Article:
The Degree-Sum Formula and the Handshaking Lemma

deg v = 2 #E(G)
vV (G)

Proposition 3. (Degree-Sum Formula) If G is a graph, then

where #E(G) is the number of edges in G. Proof. This is simply a matter of counting each edge twice. The details are left as an exercise. This formula is extremely useful in many applications where the number of vertices and number of edges are involved in calculations. For example, we will learn later about the graph invariants of Euler characteristic and genus; the degree-sum formula often allows us to prove inequalities bounding the values of these invariants. A fun corollary of the degree-sum formula is the following statement, also known as the handshaking lemma. Corollary 4. In any graph, the number of vertices of odd degree is even. Or equivalently, the number of people in the universe who have shaken hands with an odd number of people is even. Proof. Try to solve this one yourself. Hint: Split the sum on the left hand side of the degree-sum formula into two piecesone over vertices of even degree and one over vertices of odd degree.

Important Graphs

There are two special types of graphs which play a central role in graph theory, they are the complete graphs and the complete bipartite graphs. A complete graph is a simple graph whose vertices are pairwise adjacent. The complete graph with n vertices is denoted Kn .






Before we can talk about complete bipartite graphs, we must understand bipartite graphs. An independent set in a graph is a set of vertices that are pairwise nonadjacent. A graph G is bipartite if V (G) is the union of two disjoint (possibly empty) independent sets, called partite sets of G. Similarly, a graph is k-partite if V (G) is the union of k disjoint independent sets. 6

3 dierent bipartite graphs

A 3-partite graph

A complete bipartite graph is a simple bipartite graph such that two vertices are adjacent if and only if they are in dierent partite sets. The complete bipartite graph with partite sets of size m and n is denoted Km,n .





1. Determine the values of m and n such that Km,n is Eulerian 2. Prove or disprove: (a) Every Eulerian bipartite graph has an even number of edges. (b) Every Eulerian simple graph with an even number of vertices has an even number of edges. What if we also assume that the graph has only one component? 3. When is a cycle a bipartite graph? 4. Oh no! Baby Euler has gotten into the handpaints. His favorite colors are blue and yellow. Baby Euler wants to paint each room in the house (including the hall) either blue or yellow such that every time he walks from one room to an adjacent room, the color changes. Is this possible?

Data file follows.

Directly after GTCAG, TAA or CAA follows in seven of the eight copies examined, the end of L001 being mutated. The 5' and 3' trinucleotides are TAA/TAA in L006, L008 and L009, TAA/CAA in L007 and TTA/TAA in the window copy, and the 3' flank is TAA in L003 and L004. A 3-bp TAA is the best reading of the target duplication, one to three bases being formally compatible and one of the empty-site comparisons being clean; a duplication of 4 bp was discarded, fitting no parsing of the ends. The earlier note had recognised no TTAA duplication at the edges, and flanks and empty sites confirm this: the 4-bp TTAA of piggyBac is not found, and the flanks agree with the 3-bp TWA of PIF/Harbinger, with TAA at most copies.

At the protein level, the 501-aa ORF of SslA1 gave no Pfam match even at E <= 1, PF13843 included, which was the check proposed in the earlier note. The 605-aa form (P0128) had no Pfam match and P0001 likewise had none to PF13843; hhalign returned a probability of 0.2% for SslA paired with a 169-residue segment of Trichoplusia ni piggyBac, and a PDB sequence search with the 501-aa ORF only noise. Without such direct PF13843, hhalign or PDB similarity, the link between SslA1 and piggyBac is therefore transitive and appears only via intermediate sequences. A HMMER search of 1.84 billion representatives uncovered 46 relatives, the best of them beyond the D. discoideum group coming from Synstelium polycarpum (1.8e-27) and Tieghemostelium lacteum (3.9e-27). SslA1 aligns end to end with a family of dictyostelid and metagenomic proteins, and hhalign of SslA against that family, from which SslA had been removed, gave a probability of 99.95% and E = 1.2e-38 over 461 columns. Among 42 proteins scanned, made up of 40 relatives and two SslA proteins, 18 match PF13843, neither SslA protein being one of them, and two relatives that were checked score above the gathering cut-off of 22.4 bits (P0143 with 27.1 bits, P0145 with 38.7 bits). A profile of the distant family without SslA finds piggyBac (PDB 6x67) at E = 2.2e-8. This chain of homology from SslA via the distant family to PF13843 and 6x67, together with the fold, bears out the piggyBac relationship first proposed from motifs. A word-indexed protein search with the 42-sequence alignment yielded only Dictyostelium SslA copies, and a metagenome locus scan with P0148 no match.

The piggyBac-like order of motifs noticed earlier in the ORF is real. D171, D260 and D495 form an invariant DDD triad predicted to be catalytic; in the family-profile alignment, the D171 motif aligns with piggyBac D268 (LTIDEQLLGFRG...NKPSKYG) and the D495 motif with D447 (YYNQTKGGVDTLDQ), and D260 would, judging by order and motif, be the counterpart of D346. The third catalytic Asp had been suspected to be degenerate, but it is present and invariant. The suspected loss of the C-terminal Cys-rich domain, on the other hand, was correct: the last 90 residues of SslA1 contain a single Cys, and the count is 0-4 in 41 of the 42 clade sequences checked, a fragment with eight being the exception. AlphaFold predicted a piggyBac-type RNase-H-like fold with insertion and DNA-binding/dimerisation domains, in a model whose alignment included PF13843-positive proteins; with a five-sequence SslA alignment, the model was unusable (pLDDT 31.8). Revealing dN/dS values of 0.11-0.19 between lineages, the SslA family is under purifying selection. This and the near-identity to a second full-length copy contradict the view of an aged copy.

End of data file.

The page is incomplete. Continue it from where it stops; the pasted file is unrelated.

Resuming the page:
5. If we consider the graph corresponding to Eulers house, the previous problem is equivalent to assigning the color blue or yellow to each vertex of the graph so that no two vertices of the same color are adjacent. This is called a 2-coloring of the graph. What is the relationship between 2coloring vertices of a graph and bipartite graphs?

k-partite and k-colorable

A k-coloring of a graph G, is a labeling of the vertices f : V (G) S, where S is some set such that |S| = k. Normally we think of the set S as a collection of k dierent colors, say S = {red, blue, green, etc.}, or more abstractly as the positive integers S = {1, 2, . . . , k}. The labels are called colors. A k-coloring is proper if adjacent vertices are dierent colors. A graph is k-colorable if it has a proper k-coloring. The chromatic number (G) is the least positive integer k such that G is k-colorable. You should notice that a graph is k-colorable if and only if it is k-partite. In other words, k-colorable and k-partite mean the same thing. You should convince yourself of this by determining the k dierent partite sets of a kcolorable graph and conversely determine a k-coloring of a k-partite graph. In general it is not easy to determine the chromatic number of a graph or even if a graph is k-colorable for a given k.